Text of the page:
Camp Young June 15th 1862 Dear Minerva I write to you again to let you know that I am well and hearty. I feel much better than when at home, I can stay awake all day and get up at day light. We are preparing to go to Tyler as fast as we can. I will be at Home (Oh what a sweet word) in 10 or 12 days on my way to Tyler. I have been to Houston am busy getting ready. Dr Smith has been promoted with back pay of $80 per month with a fair prospect of getting the Surgeon's place. We have but little sickness now, mostly measles & mumps. The weather is very warm I almost suffocate sometimes. I can't find Pilot. I will bring you some spun cotton I think, wish I knew what number you wanted, they will not sell but one bunch to one man, price I understand is 80 cts a bale, pins is 2/- a paper, everything else high. Unless I fail to get off home this will be my last till I see you when I will tell you all Kiss Winstead for me, give my best respects to your Pa, Ma, & all hands May the good Lord bless you & ours Yours etc. R. D. Bone
Click tabs to swap between content that is broken into logical sections.
Robert Donnell Bone (1832-1892) was born in Wilson County, Tennessee, and came to Nacogdoches County in 1841 with his mother and stepfather. He and his brothers and sister moved in with his older sister when she married John Winstead Paine in 1846. After a serious illness of pneumonia, R. D. Bone rode horseback to Tennessee and entered the University at Nashville Medical School (which later became Vanderbilt University) in 1854 and returned to Douglass, Texas, to practice medicine after graduating in 1858. That same year he married Griselda Minerva Burk (1841-1912) who was also from Tennessee and had moved to Nacogdoches County, Texas, with her family in 1848. On November 25, 1861, Dr. Bone was appointed to serve as Assistant Surgeon of the 12th Texas Volunteer Infantry, Col. Overton Young's Regiment at Camp Hebert, Hempstead, Austin County, Texas. He felt it was his duty to serve the cause of the Confederacy and eagerly attended his post. As revealed in the following letters exchanged with his wife while on active duty in the Civil War, it soon became clear that he would have to contend with inadequate provisions, boring camp routine and confusing orders. "The Fever", dysentery, measles and exposure were Dr. Bone's patients' main medical problems; his regiment was not involved in any serious fighting. When he resigned his commission on March 7, 1863, in Pine Bluff, Arkansas, he went back to Douglass, Texas, to practice medicine. Dr. Bone also bought cotton and cattle and took them to New Orleans each fall to be sold. Minerva was Post Mistress in Douglass from 1866-1867. Only six of the Bone's 12 children reached adulthood, and two of their sons graduated from the University at Nashville Medical School exactly 50 years after Dr. Bone did. At least eight of his descendants have followed him in serving the medical profession. (Aiken, Roy L. (Pete). "Bone Family." In Nacogdoches County Families, 172. Dallas, Tx.: Curtis Media Corporation, 1985.)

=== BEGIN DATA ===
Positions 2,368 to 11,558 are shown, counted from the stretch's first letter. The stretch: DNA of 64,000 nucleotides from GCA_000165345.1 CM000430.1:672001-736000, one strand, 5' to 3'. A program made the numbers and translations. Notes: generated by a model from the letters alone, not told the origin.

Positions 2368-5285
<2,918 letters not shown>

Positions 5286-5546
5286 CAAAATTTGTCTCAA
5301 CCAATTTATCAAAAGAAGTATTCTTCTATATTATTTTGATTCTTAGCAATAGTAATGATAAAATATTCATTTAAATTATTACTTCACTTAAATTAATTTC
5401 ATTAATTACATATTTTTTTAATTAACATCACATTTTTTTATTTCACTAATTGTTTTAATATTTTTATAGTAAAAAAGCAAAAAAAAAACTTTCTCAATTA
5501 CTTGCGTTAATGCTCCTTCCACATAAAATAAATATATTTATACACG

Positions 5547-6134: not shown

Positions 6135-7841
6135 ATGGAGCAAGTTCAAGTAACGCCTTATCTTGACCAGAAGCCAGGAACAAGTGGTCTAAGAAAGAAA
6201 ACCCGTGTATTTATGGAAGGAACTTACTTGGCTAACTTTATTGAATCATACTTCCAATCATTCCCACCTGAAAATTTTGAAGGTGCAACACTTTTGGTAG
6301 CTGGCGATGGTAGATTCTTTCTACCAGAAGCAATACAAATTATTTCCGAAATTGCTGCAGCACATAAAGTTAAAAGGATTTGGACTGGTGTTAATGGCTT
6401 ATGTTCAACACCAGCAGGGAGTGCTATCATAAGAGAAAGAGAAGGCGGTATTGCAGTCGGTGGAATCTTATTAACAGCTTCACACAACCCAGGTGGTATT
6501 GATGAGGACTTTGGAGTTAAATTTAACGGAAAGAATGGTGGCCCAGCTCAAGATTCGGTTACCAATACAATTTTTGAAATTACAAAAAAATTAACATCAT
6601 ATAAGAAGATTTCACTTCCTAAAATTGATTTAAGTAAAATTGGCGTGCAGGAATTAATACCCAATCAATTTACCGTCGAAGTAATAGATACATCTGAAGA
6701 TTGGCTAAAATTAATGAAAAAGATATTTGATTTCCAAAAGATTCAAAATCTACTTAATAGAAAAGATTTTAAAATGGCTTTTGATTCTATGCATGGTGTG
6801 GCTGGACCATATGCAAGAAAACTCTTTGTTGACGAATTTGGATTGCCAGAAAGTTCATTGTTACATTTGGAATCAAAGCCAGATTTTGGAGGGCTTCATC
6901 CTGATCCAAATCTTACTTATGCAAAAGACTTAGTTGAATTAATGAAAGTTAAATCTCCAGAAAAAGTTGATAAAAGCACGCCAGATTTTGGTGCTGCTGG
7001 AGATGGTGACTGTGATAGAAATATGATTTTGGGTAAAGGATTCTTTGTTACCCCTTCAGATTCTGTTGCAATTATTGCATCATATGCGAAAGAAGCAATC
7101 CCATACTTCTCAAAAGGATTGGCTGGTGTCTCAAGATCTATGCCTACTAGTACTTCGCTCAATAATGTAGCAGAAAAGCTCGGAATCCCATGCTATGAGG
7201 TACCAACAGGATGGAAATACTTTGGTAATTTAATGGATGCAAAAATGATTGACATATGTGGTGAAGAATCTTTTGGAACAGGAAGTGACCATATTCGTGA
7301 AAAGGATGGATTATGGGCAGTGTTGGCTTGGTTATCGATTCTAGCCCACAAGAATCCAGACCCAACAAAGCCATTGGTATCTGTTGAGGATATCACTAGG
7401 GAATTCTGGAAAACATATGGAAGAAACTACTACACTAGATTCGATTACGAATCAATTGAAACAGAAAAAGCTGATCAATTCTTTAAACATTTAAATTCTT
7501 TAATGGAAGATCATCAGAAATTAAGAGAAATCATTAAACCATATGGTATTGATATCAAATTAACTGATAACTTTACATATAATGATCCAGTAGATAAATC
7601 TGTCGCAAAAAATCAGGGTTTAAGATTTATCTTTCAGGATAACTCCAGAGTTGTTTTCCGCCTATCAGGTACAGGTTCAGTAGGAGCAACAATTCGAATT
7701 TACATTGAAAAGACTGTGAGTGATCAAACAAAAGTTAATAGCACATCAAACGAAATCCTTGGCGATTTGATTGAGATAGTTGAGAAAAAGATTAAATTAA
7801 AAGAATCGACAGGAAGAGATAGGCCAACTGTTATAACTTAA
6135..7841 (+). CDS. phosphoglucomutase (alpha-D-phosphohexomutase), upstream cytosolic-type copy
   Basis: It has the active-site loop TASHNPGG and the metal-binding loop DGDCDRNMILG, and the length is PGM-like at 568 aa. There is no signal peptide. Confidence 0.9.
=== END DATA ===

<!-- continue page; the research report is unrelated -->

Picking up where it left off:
Scope and Content Note
Included in the collection of letters between Dr. Bone and Minerva are letters to the Bones from family and friends, report forms from the post office at Douglass, and two poems (probably written by Dr. Bone). Typescripts for most of the papers in the collection are in a booklet in Box 2. Several 19th century newspapers belonging to Dr. Bone are cataloged and shelved with the newspaper bundles.
This item may be protected under Title 17 of the U.S. Copyright Law. It is available for non-commercial research and education. For permission to publish or reproduce, please contact the East Texas Research Center at firstname.lastname@example.org.